What the Book of Job Teaches Us about Suffering

In the beginning, Job had it made. God blessed him with wealth, ten children, health, and many possessions. Job loved God and was a righteous man, but Satan told God that Job surely wouldn’t fear God had he not been so blessed. The Lord allowed Satan to tempt Job, and that’s when things turn ugly.

First Job’s cattle are taken—sheep, oxen, donkey, camels. Next, all ten of Job’s children are killed when a house collapses upon them. Then Satan afflicted Job with horrible sores all over his body. After this, Job cries out to God and speaks of his anguish.

The Book of Job is hard to read; watching as a righteous man endures such loss and suffering. But in the end, the Lord restores all that had been taken away. Surely we can learn from the suffering of Job and bring those lessons into our own trials.

Life’s not fair.

Job cries out to the Lord that life isn’t fair. “He said this, ‘Why do the wicked survive, grow old, become mighty in power?’ It’s a good question, right? But the thing is, life isn’t fair. Life on this earth isn’t fair; all we need to do is look at the crucifix and we’ll see an example of that. But this life on earth is not the end of the story, and that’s the catch. And I think that accepting the fact that yes, sometimes I get what I don’t deserve, but accepting that is comfort in and of itself,” says Gary Zimak.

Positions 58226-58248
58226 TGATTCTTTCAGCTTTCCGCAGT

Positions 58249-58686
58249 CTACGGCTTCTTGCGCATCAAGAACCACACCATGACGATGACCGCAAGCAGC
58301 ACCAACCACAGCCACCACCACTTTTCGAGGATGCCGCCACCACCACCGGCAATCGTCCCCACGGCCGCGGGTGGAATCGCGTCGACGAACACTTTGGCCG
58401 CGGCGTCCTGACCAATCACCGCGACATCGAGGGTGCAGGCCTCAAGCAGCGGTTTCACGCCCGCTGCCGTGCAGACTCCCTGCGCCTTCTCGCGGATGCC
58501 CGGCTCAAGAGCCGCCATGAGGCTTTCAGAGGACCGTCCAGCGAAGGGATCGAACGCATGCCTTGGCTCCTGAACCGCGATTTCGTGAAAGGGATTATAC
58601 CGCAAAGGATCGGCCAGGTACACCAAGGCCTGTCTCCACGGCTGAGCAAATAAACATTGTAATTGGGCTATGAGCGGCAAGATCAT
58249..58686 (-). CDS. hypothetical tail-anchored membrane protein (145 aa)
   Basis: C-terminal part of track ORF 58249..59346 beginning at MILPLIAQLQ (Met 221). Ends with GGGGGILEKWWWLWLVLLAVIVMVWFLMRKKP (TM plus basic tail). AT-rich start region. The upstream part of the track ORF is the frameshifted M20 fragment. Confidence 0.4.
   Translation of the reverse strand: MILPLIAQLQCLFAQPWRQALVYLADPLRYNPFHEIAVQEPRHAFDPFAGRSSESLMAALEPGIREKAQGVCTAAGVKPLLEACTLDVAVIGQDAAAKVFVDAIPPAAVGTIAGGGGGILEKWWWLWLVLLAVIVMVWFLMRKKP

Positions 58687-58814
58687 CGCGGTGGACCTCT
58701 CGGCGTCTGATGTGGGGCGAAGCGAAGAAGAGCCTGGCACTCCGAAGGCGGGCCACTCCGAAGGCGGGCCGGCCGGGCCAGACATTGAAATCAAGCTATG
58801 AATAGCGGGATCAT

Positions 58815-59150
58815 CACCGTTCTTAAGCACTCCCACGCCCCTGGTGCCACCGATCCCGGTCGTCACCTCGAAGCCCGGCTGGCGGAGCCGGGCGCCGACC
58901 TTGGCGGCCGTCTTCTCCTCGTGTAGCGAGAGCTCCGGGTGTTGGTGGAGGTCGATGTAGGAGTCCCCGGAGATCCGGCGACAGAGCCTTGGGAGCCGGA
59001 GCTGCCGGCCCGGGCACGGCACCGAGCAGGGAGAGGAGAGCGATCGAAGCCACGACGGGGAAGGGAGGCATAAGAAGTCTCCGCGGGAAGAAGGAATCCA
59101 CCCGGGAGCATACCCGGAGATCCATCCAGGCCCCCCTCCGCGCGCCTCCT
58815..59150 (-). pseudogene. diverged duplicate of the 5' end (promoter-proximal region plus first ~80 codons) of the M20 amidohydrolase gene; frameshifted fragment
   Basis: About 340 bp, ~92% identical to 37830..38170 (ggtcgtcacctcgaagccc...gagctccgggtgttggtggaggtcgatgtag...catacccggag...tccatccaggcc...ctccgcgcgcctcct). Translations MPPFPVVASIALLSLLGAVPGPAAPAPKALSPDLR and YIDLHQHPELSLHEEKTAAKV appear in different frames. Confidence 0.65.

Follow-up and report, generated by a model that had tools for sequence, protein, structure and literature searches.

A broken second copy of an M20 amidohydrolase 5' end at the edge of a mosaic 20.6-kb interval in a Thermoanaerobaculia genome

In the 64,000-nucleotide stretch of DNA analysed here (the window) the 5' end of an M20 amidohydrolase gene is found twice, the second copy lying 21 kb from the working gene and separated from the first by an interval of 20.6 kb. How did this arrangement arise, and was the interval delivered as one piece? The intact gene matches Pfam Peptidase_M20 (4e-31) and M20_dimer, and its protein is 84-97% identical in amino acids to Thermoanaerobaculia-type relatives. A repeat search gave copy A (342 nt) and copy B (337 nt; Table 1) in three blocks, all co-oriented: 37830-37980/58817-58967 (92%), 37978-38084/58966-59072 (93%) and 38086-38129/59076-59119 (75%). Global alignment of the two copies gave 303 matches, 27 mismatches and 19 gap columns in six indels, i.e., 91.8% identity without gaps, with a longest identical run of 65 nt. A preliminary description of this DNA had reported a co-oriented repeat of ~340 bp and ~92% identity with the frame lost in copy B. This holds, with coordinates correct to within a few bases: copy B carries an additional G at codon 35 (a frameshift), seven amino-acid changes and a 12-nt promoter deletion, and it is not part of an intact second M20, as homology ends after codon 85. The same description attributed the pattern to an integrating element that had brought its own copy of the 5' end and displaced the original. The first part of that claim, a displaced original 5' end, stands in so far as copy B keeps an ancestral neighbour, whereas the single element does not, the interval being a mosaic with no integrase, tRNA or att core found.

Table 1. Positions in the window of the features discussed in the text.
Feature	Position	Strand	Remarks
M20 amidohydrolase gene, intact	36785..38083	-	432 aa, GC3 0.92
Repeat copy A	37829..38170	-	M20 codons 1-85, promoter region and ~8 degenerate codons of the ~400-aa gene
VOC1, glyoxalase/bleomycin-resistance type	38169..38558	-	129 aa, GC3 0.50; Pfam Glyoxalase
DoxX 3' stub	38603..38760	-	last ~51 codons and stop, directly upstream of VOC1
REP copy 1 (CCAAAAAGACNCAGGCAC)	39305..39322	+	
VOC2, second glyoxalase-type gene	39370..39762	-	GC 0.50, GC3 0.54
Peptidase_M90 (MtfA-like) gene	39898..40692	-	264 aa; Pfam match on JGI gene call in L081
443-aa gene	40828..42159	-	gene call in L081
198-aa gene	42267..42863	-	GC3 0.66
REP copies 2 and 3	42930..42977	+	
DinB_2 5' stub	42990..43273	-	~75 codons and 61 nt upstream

In that acceptance, Zimak finds comfort in uniting himself to Jesus’ suffering. “Rather than complain and look at other people and say, ‘Why does everything go in their favor; why can’t I ever get a break?’ It’s good to look inside and unite myself with the Lord and say, ‘Alright Lord, nothing went right for you. You were persecuted; you were abused throughout your life. Now let me unite closer to you.’ And that makes me feel better!”

Cry out to God

“When I cry out to the Lord—and I’ve done this, I’ve gotten in my car and I’ve yelled at him—and I’ve grown closer to him that way. I don’t think anyone should be afraid to express their opinion to the Lord. That’s a good thing; that’s what Job did. And interestingly enough, in the Book of Job for the first 37 chapters, Job was pouring out his heart to God. He ended up crying out, where are you? Why can’t you help me! God did not say one word to Job. It wasn’t until chapter 38 that he finally spoke. So, what I would say to anybody who is crying out to the Lord—who is speaking, who is asking for relief, who is praying and not getting an answer—to be patient; the Lord will speak when it’s time. Just because he’s silent doesn’t mean he’s not there and that he’s not listening. He’s there and he is listening,” explains Zimak.

Patience isn’t easy, especially when the suffering is great. But maybe if we take a page from the Book of Job, maybe we’ll realize we aren’t alone. We can understand that the suffering of this life isn’t the end of the story, and God will never abandon us.